“They (J&J) used the same talc source for Shower to Shower as they did for the baby powder, correct?” Linder asked.

“Yes,” Hopkins answered.

“They were able to find low levels of chrysotile?”

“That’s what he (researcher) wrote, yes,” Hopkins said.

A citizen’s petition in the mid-1980’s requested the FDA require a label on bottles of J&J baby powder warning about possible asbestos contamination. FDA officials decided such action was not warranted.

The FDA response said the quality of baby powder had improved significantly and the risk from cosmetic talc powder was lower than background levels of asbestos exposure which includes breathing asbestos fibers in ambient air, and thus was not a threat.

“We find no basis it (baby powder) is a health hazard and no need to require a warning label,” the FDA response read.

Morton Dubin, the attorney for Johnson & Johnson asked Hopkins, “Did the FDA find any asbestos in talc?” 

“They did not,” Hopkins said.

At issue in the trial has been whether testing methods for spotting asbestos fibers particularly during the 1970s and 80s were effective. Critics of Johnson & Johnson said the firm should have used a new technique developed in the 1970’s called “concentration,” a pre-screening method in which heavy liquid is used to separate talc from heavier materials before scrutiny under a microscope.

J&J officials declined to use the method, saying it wasn’t effective.

Hopkins said the company instead relied primarily on the polarized light microscope (PLM) and diffraction testing. He said the company spiked samples of baby powder with asbestos to test the effectiveness of the various methods for analyzing talc.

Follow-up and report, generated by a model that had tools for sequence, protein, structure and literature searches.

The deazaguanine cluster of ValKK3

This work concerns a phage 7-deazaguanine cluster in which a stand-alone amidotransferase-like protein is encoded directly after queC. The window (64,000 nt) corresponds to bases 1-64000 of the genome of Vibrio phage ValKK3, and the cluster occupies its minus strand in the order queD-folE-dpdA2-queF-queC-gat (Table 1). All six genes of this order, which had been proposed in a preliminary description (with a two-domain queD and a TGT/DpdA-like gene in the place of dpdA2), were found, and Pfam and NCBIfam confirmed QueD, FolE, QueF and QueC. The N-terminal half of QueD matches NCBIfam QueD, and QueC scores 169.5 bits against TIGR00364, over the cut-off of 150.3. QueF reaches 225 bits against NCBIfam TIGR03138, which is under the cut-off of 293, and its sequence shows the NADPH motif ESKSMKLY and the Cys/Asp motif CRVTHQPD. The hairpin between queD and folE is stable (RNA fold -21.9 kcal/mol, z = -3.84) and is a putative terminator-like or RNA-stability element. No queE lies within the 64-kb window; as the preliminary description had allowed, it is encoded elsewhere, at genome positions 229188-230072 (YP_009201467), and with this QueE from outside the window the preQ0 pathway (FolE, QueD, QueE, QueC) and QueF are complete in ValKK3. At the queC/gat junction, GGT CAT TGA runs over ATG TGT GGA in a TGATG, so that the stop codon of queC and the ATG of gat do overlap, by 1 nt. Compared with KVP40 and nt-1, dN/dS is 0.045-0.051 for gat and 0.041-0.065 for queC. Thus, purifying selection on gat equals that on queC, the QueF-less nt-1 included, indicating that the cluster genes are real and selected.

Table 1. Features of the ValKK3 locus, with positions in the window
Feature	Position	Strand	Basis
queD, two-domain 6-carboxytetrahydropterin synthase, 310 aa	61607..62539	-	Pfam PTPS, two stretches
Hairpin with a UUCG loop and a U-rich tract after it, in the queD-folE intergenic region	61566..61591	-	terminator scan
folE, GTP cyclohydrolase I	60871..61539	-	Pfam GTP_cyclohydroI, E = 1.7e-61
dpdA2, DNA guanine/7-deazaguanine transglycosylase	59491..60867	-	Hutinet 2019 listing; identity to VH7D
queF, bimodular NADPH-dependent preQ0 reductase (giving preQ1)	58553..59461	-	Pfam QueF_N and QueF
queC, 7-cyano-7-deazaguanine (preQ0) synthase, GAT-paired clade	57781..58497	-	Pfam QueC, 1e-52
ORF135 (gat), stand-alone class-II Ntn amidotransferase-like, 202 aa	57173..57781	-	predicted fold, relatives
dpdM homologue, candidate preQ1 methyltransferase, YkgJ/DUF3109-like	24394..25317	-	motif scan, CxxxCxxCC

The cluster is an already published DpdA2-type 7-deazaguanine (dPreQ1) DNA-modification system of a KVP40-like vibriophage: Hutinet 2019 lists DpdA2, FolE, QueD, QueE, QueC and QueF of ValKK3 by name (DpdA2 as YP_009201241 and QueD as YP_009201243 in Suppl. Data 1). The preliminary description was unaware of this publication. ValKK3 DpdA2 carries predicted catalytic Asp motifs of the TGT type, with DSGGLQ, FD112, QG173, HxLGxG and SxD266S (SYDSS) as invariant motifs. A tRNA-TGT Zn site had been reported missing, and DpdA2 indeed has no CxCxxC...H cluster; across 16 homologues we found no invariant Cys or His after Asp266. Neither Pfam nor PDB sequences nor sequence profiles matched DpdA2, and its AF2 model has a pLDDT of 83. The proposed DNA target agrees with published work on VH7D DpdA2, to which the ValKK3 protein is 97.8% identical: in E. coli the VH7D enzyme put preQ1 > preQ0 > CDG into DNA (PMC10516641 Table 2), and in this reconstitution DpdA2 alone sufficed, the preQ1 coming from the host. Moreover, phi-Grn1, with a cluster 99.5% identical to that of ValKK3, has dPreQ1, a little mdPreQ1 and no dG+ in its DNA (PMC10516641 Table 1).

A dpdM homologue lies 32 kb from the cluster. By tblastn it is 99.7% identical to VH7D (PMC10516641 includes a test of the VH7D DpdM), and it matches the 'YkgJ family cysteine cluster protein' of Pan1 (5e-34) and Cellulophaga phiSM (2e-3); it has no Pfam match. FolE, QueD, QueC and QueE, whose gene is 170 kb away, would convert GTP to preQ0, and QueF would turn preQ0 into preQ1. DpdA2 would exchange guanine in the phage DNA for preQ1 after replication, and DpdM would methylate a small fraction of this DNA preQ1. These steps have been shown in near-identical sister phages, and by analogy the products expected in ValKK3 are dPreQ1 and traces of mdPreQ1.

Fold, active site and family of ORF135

“Was it used as part of research to determine if the methods worked or not?” Dubin asked.

“Yes,” Hopkins said.

“What does spiking a sample mean?” Dubin asked.

“If you’re trying to find something that maybe is not there — low levels, you deliberately add 1% or 2%(asbestos). That’s spiking,” Hopkins said.

Hopkins compared it to adding red dye to a sample of water to spot the dye.

He added the heavy liquid separation method (concentration) was considered inaccurate and unsuitable including an opinion given by F.D. Pooley, a researcher in the U.K.

The FDA also considered adopting the concentration technique and similarly concluded it wasn’t effective.

Problems in separating talc from asbestos particles due to similarities in the densities of materials were given as reasons for the rejection of the concentration technique.

Dubin asked Hopkins about Johnson & Johnson company policy.   

“Did Johnson & Johnson view business success as being incompatible with being a responsible company?” he asked.

“No,” Hopkins said. “You can have good corporate responsibility and still be a successful business.”            

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Organizations in this Story

Johnson & Johnson The Lanier Law Firm PLLC